- Open Access
Stop codons in bacteria are not selectively equivalent
Biology Directvolume 7, Article number: 30 (2012)
The evolution and genomic stop codon frequencies have not been rigorously studied with the exception of coding of non-canonical amino acids. Here we study the rate of evolution and frequency distribution of stop codons in bacterial genomes.
We show that in bacteria stop codons evolve slower than synonymous sites, suggesting the action of weak negative selection. However, the frequency of stop codons relative to genomic nucleotide content indicated that this selection regime is not straightforward. The frequency of TAA and TGA stop codons is GC-content dependent, with TAA decreasing and TGA increasing with GC-content, while TAG frequency is independent of GC-content. Applying a formal, analytical model to these data we found that the relationship between stop codon frequencies and nucleotide content cannot be explained by mutational biases or selection on nucleotide content. However, with weak nucleotide content-dependent selection on TAG, -0.5 < Nes < 1.5, the model fits all of the data and recapitulates the relationship between TAG and nucleotide content. For biologically plausible rates of mutations we show that, in bacteria, TAG stop codon is universally associated with lower fitness, with TAA being the optimal for G-content < 16% while for G-content > 16% TGA has a higher fitness than TAG.
Our data indicate that TAG codon is universally suboptimal in the bacterial lineage, such that TAA is likely to be the preferred stop codon for low GC content while the TGA is the preferred stop codon for high GC content. The optimization of stop codon usage may therefore be useful in genome engineering or gene expression optimization applications.
This article was reviewed by Michail Gelfand, Arcady Mushegian and Shamil Sunyaev. For the full reviews, please go to the Reviewers’ Comments section.
Translation termination is a crucial step in protein synthesis that, in most organisms, is triggered by three stop codons; TAA, TGA and TAG. These three stop codons are thought to be functionally equivalent in the broad sense of effective translation termination. Additional functions, such as coding for extra amino acids, effects only a tiny fraction of all codons , and these stop codons can be interchanged [2, 3] or even lost [4–8] without obvious functional consequences. Indeed, one of the motivations in a recent experimental study of genome-wide codon replacement in selecting to substitute all TAG stop codons in Escherichia coli, rather than making synonymous substitutions, was the rationale that synonymous “codon utilization bias has been shown to affect translation efficiency”  suggesting that in the author’s opinion stop codon substitution may have fewer functional consequences than synonymous substitution. Thus, at present there is broad consensus that three stop codons are functionally equivalent and interchanging stop codons is not expected to have functional or selective consequences. In that case substitutions between different stop codons should be neutral, such that the rate of evolution between stop codons should be broadly equivalent to the synonymous rate of evolution and the stop codon frequency should be governed by similar selective and mutational forces that govern nucleotide usage in synonymous sites.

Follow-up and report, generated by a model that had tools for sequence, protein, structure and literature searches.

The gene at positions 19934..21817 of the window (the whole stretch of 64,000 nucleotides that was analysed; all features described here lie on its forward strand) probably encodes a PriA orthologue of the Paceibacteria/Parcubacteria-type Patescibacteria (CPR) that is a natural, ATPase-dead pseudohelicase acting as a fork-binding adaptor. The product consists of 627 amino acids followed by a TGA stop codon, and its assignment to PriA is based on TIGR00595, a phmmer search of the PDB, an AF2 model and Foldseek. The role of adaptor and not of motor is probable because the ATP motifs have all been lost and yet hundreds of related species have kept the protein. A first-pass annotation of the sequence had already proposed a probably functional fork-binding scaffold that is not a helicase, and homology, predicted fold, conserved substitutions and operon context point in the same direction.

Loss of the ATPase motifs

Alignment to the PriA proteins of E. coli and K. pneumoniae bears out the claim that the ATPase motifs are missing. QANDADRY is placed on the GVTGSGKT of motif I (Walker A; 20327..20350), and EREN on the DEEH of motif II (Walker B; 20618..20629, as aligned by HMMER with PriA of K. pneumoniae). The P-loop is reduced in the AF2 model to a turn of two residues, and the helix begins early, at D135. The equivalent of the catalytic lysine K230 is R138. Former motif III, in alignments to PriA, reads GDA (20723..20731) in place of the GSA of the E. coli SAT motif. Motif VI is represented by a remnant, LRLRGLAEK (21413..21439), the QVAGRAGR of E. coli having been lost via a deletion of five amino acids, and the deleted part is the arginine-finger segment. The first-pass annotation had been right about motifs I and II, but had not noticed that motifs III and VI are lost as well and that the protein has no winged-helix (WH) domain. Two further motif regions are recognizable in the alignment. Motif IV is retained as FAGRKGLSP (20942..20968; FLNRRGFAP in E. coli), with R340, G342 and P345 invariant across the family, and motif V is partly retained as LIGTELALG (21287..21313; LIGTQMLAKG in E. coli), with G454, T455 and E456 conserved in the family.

The hypothesis of selective equivalence of stop codons has not been rigorously tested and, contrary to the general expectation, there are data that suggest that stop codon may not be entirely synonymous. Firstly, translation termination efficiency may be nucleotide context dependent [9–13]. Second, TAG and TGA stop codon frequencies in bacterial genomes with different GC-contents are strikingly different (see Figure 1 in ), such that TGA frequency increases with genomic GC-content while TAG is GC-content independent. Here, we study stop codon frequency and evolution in bacterial genomes to gain an understanding of whether or not stop codons are used indiscriminately without any fitness costs. We compare rates of stop codon evolution to the rate of synonymous evolution and apply a simple population genetics model formulated by Bulmer  to stop codon frequency and nucleotide content in bacterial genomes.
Stop codon evolution and frequency